The utility of the Apple iPad mini as a productivity hub is debatable, but that hasn’t stopped Zagg from producing two keyboard folio cases for the littlest iPad. The first, the Zagg ZAGGkeys Mini 7, is somewhat disappointing, with a bulky case construction and mediocre typing experience. Fortunately, Zagg’s larger, same-price alternative, ZAGGkeys Mini 9 ($89.99), though still bulky, offers a major improvement in keyboard layout and feel. We haven’t seen too many add-on keyboards for the mini yet, but the Mini 9 is the best so far.
Design, Setup, and Keyboard
Take the Mini 7, stretch it out horizontally, and you have the Mini 9. The two feature the same faux-leather exterior, integrated kickstand, and rather thick design. However, while the Mini 7 is constructed from a thick, pliable rubber material, the Mini 9 is built from a sturdier plastic. The fit is also far less precise with the Mini 9 than with the Mini 7, with the same vertical dimension, but about an inch of open space to the sides of the iPad. The iPad mini feels less secure in the Mini 9, and on a couple of occassions, when I pressed the case shut, I noticed that the iPad would slide out of place slightly. The keyboard folds nicely over the iPad mini’s screen, and while the closure has a magnetic snap to it, opening the case back up does not activate the automatic sleep/wake feature.
Above the keyboard are Power and Bluetooth buttons, with LED indicators next to both. Setup is a simple as pressing the Power button and then the Bluetooth button to put the Mini 9 into pairing mode. Then pair the device with your tablet like you would any other Bluetooth accessory.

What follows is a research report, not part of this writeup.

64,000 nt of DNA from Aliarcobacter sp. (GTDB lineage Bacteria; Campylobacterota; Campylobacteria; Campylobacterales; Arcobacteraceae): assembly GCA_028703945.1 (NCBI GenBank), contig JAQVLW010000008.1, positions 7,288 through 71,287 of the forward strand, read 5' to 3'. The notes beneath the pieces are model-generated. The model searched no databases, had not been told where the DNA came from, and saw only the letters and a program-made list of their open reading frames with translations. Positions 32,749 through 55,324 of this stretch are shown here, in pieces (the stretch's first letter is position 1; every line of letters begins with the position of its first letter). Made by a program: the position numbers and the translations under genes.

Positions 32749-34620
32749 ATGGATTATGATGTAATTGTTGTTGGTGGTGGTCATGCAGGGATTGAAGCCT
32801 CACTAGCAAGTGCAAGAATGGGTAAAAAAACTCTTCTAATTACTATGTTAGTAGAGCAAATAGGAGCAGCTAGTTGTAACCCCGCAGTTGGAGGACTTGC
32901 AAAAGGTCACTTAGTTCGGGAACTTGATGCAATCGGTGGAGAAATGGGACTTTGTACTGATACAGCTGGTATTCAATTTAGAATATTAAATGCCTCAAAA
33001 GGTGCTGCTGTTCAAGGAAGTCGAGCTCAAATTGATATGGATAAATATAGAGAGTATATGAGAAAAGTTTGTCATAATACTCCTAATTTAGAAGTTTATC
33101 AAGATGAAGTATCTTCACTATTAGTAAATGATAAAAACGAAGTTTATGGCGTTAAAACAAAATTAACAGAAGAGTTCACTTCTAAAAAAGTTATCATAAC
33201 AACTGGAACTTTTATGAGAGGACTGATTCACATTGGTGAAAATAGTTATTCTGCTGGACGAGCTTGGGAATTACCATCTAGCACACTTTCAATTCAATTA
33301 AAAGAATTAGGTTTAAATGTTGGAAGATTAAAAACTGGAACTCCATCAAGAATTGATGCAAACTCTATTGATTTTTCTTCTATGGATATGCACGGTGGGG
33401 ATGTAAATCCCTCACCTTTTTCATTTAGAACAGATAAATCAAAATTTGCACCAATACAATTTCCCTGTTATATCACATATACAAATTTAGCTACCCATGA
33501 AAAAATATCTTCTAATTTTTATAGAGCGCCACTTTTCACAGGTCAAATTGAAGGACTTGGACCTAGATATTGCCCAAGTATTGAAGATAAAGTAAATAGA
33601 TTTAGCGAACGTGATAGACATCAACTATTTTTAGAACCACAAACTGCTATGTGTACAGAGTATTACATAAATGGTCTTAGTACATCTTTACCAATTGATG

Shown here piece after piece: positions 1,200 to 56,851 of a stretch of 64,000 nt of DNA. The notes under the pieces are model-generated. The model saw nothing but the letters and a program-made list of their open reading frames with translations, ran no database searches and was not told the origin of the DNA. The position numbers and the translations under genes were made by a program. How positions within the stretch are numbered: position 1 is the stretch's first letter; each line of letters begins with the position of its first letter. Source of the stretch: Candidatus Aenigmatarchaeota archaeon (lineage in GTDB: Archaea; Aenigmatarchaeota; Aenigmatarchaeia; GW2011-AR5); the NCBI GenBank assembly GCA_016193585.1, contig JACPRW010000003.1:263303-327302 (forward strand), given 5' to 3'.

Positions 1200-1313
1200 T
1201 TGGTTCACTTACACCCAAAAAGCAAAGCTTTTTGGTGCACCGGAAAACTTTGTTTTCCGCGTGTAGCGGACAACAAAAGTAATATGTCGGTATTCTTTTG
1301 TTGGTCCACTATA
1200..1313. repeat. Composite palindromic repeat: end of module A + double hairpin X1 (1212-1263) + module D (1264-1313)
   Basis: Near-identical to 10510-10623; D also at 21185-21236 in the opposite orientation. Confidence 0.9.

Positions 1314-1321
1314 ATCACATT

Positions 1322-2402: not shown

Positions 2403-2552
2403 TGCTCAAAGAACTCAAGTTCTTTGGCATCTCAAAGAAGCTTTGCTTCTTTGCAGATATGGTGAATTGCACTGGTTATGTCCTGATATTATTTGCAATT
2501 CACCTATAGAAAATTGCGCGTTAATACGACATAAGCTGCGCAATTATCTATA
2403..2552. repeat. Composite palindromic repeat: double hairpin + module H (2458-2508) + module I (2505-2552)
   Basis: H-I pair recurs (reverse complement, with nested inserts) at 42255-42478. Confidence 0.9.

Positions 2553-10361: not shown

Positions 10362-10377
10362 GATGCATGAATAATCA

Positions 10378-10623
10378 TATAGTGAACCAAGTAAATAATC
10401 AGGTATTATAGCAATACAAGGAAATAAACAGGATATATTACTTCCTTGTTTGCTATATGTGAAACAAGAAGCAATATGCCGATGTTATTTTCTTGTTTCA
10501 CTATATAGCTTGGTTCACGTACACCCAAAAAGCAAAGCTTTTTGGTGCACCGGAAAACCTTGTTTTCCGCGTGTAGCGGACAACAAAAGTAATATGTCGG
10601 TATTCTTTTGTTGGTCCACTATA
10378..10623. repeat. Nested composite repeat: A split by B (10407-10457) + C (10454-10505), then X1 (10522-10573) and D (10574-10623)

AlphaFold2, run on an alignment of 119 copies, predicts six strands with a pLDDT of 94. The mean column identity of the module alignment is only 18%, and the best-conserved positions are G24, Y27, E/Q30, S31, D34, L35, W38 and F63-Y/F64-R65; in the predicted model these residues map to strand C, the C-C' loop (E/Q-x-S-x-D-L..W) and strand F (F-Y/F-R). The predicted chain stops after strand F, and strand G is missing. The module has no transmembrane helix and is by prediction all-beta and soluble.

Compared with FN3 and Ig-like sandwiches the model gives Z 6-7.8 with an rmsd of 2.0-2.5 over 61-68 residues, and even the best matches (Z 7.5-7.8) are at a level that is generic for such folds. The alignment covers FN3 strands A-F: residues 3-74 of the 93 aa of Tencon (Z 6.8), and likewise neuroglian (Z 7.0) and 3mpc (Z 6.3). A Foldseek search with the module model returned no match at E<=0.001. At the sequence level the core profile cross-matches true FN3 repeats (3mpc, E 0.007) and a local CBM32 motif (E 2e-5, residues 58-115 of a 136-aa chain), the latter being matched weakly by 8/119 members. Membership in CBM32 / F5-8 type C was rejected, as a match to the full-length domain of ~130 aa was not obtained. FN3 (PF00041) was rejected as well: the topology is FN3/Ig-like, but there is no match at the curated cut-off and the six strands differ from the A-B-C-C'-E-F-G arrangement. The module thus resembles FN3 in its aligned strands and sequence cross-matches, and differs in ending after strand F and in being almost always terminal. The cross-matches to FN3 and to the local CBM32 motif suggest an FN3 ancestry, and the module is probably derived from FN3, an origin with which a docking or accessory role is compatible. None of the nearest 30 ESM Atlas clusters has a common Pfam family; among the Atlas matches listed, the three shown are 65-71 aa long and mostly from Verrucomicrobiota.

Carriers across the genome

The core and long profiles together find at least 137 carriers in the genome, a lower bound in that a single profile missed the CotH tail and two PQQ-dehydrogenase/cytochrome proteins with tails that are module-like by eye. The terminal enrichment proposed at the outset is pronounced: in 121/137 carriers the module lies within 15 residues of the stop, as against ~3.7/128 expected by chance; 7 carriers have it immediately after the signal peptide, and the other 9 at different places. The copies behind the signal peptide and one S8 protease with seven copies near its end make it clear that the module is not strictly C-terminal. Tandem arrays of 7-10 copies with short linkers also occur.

The extra inches allow the Mini 9 to pack the same keyboard found on the excellent ZAGGkeys PROplus for the full-size iPad. It’s a vast improvement over the cramped and finicky keyboard found on the Mini 7. The issue with keys sticking is gone, and the spacing of the keys makes for a far more comfortable typing experience. The chiclet keys themselves are the same size as the ones found on the PROplus, but the Mini 9′s have a noticeably shallower travel and less satisfying clicky feel. Still, touch typing is very easy, whereas with the Mini 7, I found myself peeking down at the keyboard to maintain accuracy. The key layout is also better with the Mini 9, as you don’t have to hit an Fn key to reach common keys like apostrophes or quotation marks. And there’s a full row of dedicated iPad Function keys for actions like cut, copy, paste, and media playback controls.
While I’m still not fully convinced the iPad mini merits a keyboard folio case like the full-sized iPad, if you want one, the ZAGGkeys Mini 9 is a solid choice. You sacrifice the thin and light feel of the iPad mini, and there are some concerns over the less-than-secure fit, but the typing experience rivals those found on full-sized iPad keyboard folios. If you don’t necessarily need a case and keyboard combination, I’d still probably recommend a more compact case—you can find our favorites here—with a separate standalone Bluetooth keyboard.
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Copyright © 2012 Ziff Davis, Inc